Three short sequences mark the beginning of "Mittagsstunden", three snapshots from the passage of time. They are set in different decades in Brinkebüll, the fictional village somewhere near Husum, which in this Movie is a leading actor. First you see Sönke Feddersen's inn in 1965, a young woman runs out and away into the wheat field, where she smokes a cigarette and looks at the clouds, a great idyll.
It continues in 1976, the woman's name is Marret Feddersen, as we now learn, she fears the end of the world. That will also come for her this year, but everyday life is still the order of the day - Marret is standing in front of the grocery store, which is quite crowded. Marret's mind, you can see that this time, is a bit lost, people say she's "twisted", but nobody cares. The village is in solidarity.
The last sequence takes place in 2012, Sönke Feddersen is old, his wife Ella has dementia, the village is a no man's land. The streets are straight, the shops are gone, no people anywhere, as it seems in many places today. So the structural and social changes that have brought about the last fifty years are passing by, and they aren't pretty. The film continues to loosely weave these three timelines, assembling an image of loss that fills it with melancholy for long stretches.
There is another member of the Feddersen family, Ginger. In 1976 he was ten years old, meanwhile he has long been a lecturer at the university in Kiel. Ginger takes two semesters off and returns to "the old ones" in Brinkebüll, to the amazement of his friends in Kiel. But he wants to take care of it now while they're still alive, even if they don't expect anything from him.
Writer Dörte Hansen guides you through her novel "Mittagsstunden" with ginger, and director Lars Jessen now also guides you through the film with ginger. And through the tricky story of the Feddersens, which is a small psychodrama in itself, alongside the larger dramas such as land consolidation and rural exodus, alongside the inexorable passage of time.
Jessen does not show the agricultural change in a very subtle way. The images come across as jagged, curves become straight lines, fallow becomes field, the teacher saves a burial mound from the excavators at the risk of his life. The large tree in the village center is felled so that through traffic can speed along unhindered. The residents take care of the whole upheaval themselves, inspired by the belief in progress, only Marret seems to recognize what is lost in the process. Horrified, she stands under the tree on which the saws are already working, in the top you can hear birds screeching, which will soon be without a home.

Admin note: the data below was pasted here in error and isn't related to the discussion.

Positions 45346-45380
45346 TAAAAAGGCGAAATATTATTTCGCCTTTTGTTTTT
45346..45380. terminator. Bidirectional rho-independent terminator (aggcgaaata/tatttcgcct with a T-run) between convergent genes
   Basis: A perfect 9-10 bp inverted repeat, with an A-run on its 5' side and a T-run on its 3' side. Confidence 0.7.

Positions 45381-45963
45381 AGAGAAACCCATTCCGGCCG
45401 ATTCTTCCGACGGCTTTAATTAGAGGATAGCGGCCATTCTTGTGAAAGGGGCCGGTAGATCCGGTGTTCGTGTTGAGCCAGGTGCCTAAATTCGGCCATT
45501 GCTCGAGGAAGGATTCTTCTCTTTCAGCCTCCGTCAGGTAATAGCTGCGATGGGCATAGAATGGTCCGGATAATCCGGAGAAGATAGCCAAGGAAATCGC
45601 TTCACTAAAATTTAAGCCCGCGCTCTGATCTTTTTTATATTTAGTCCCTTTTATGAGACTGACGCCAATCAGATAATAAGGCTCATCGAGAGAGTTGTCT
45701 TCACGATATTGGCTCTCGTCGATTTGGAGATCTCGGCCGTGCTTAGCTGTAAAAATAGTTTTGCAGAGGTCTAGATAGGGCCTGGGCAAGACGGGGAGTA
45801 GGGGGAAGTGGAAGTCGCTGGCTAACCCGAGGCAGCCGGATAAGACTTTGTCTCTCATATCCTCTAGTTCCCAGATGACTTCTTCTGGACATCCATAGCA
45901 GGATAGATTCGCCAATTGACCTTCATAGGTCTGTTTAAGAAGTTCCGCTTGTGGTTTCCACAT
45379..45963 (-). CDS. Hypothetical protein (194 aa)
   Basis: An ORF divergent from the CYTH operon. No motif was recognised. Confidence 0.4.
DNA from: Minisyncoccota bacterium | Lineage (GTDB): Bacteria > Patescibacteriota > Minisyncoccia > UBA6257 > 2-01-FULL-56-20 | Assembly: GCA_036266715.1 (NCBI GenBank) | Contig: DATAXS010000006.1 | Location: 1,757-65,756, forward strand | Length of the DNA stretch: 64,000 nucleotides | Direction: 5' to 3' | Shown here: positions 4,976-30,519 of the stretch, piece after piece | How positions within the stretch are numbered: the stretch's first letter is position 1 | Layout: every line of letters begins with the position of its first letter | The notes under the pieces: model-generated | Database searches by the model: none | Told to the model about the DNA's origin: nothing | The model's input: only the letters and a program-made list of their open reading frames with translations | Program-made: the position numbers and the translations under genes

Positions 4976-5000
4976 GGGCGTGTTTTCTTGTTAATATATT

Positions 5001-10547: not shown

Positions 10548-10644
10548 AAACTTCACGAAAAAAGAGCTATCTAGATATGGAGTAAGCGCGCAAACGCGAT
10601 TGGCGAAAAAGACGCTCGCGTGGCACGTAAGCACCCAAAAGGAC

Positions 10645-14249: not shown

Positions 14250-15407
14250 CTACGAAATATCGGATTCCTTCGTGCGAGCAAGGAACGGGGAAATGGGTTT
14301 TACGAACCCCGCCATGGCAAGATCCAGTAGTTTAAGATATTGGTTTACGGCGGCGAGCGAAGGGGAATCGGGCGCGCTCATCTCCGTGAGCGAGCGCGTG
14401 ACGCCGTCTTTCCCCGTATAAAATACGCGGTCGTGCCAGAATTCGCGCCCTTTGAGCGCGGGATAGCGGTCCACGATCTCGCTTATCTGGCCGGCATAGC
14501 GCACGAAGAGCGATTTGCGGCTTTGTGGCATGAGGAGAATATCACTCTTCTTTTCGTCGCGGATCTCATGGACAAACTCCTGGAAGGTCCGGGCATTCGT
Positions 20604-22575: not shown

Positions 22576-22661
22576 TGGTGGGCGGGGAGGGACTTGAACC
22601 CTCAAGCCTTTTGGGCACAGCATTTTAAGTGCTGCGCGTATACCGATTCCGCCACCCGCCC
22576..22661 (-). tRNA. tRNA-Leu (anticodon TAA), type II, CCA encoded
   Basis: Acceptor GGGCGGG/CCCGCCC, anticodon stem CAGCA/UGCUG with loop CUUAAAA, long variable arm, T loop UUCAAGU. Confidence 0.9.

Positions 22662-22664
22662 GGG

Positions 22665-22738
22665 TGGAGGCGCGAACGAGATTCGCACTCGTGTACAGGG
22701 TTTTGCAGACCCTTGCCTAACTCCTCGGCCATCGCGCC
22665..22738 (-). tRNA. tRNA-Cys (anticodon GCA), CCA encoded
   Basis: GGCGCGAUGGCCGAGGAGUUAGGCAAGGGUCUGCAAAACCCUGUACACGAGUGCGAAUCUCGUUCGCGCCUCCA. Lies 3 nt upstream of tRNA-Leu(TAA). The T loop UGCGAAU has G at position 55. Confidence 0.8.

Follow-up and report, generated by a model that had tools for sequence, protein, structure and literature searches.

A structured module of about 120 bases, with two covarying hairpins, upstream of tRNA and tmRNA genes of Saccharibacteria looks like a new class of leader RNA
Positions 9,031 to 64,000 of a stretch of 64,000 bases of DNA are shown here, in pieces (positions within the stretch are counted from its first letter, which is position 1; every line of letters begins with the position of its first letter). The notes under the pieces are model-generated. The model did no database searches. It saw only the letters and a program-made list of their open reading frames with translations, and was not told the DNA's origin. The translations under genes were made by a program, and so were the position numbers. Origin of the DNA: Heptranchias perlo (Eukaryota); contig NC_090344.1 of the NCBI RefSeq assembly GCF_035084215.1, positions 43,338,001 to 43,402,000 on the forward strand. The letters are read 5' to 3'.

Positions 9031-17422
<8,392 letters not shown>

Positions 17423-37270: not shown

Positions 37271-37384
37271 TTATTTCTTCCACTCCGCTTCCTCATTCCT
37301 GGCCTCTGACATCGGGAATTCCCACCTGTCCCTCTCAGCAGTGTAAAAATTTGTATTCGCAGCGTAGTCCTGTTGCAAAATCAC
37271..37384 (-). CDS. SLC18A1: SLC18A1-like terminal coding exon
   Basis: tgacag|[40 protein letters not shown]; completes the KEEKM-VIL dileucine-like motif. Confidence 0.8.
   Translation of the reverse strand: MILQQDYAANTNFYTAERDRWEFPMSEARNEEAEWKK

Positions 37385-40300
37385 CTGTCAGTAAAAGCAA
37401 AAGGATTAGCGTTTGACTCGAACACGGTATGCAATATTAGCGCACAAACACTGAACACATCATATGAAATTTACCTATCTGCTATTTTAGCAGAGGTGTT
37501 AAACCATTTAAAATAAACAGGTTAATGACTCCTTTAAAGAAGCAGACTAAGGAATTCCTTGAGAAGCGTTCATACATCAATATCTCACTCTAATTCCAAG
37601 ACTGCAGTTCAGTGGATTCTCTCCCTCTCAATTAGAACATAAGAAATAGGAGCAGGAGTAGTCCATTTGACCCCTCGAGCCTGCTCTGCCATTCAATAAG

Home is where the elderly know more about you than you do
Jessen also makes that the subject of "Midday Hour", the homeland. He shows it as the place where you know everything, the people and the processes, the paths and the shortcuts. To do this, he brings the past into play, because ginger realizes that home is where others know more about him than he does himself. The few villagers who are left know stories about his parents or grandparents, of whom he only knows rudimentary or even no has no idea. You follow him curiously through his biography, the beauty of which is that Jessen doesn't portray it sadly. Marret sings hits from the sixties and dances through the bar in stockings, Sönke takes care of her fatherless child, so touching that you can laugh and cry at the same time.
What Jessen also uses is dialect. There are two versions of the film, one in Low German and one in High German. The scenes were each shot twice, on Platt first because the essence of the scene seemed to become clearer that way. People don't talk much in this film, which is a shame, one would like to hear more Platt. Even with her sparse sentences, one notices how the dialect wears down the edges of the language, sometimes softening the content, sometimes intensifying it. For the locals, it creates a connection that outsiders cannot access, no matter how great the folkloric zeal. Plus, the plate reinforces the realism that ginger townsfolk crave as they palaver the pros and cons of their sous vide cookers.
Despite their coolness, they are sensitive in Brinkebüll, Jessen makes that clear. Above all about Sönke Feddersen, who gives the youngsters who have returned home more looks than words. But they usually have a deeper meaning than the dialogue, you can understand that with Ginger, played by Charlie Hübner, and it's terrific. He strolls lightly through the melancholy place, always attentive to the surroundings, which gradually open up a new perspective on his own life.
Jessen shows a lot of everyday life, starting with the hustle and bustle in the inn, where all the Feddersens help, to the mysterious disappearance of Marret - only two footprints are left of her in the tar of the driveway, as if she had taken to the air and like the birds flew away. He combines that with the present, in which ginger tries to bring some luxury into the lives of the elderly and fails, or rocks at the line dance club to boost the mood. What Jessen tells is rather unspectacular, it is spectacular how he links the personal to the observation of social conditions.
In addition, there are figures for which he does not subject himself to the nonsense of drawing "weird" people from the country, but lets them be as sad, idle, and bad-tempered as everyone else. They rarely become sentimental, sometimes he grants them a surprising friendliness. Through these characters, through their gentle behavior towards one another, Jessen's film gives cause for hope. Although he severely shows the damage that villages, society and nature have suffered in the past fifty years.
noon hour, D 2021 - Director: Lars Jessen. Screenplay: Catharina Junk based on the novel by Dörte Hansen. With Charly Hübner, Peter Franke, Gro Swantje Kohlhof, Hildegard Schmahl. 96 minutes. Majestic Film Distribution. Film release: September 22, 2022.